This article is only available in the PDF format. Download the PDF to view the article, as well as its associated figures and tables.
IN THE AFTERMATH of the first postseason drug testing by the National Collegiate Athletic Association (NCAA), two things are apparent. Many college football players see nothing wrong with taking anabolic steroids, either from a health or ethical stand-point, and, evidently, little is known about these drugs' effects.
The most publicized of the more than 20 collegiate athletes from at least seven universities who were barred from participation in postseason bowl games because they had used steroids was All-America linebacker Brian Bosworth of the University of Oklahoma. At a press conference, Bosworth criticized the NCAA and said: "Steroids are a legal drug. I'll continue to fight against the abuse of drugs—recreational drugs that are destroying society. Steroids aren't destroying society."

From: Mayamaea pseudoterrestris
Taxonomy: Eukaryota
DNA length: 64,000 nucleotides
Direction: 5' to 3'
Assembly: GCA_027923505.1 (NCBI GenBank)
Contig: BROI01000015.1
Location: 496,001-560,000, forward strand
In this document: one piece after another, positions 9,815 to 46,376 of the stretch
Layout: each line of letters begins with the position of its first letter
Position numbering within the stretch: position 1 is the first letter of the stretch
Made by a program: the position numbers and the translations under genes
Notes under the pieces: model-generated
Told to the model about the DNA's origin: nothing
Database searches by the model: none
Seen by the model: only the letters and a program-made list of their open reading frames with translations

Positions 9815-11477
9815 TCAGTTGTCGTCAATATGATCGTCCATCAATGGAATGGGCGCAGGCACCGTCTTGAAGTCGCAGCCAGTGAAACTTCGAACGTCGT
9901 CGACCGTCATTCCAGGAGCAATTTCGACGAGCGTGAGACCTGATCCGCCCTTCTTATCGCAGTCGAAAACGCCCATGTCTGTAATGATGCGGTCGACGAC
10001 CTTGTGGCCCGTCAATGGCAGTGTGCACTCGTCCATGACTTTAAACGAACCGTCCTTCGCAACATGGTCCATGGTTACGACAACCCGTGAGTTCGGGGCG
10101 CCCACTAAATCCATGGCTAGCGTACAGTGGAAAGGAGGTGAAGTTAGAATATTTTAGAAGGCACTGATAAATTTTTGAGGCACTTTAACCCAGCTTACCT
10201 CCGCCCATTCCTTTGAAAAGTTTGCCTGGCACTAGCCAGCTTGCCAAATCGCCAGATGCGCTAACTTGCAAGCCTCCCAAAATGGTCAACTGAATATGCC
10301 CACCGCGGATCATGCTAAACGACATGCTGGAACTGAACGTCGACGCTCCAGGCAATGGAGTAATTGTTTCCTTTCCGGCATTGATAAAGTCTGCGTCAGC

Several of the athletes whose steroid use was detected said they took them for injuries, primarily knee injuries. These statements seemed to indicate that not only were they eager to make
Virginia Cowart. Steroids in Sports: After Four Decades, Time to Return These Genies to Bottle?. JAMA. 1987;257(4):421–427. doi:10.1001/jama.1987.03390040031003
* * Maintenance Notice * *
Maintenance will be performed from 11:00pm CT December 16, 2017 to 4:00pm CT December 17. Please be advised that your site/services may be periodically unavailable during this maintenance window.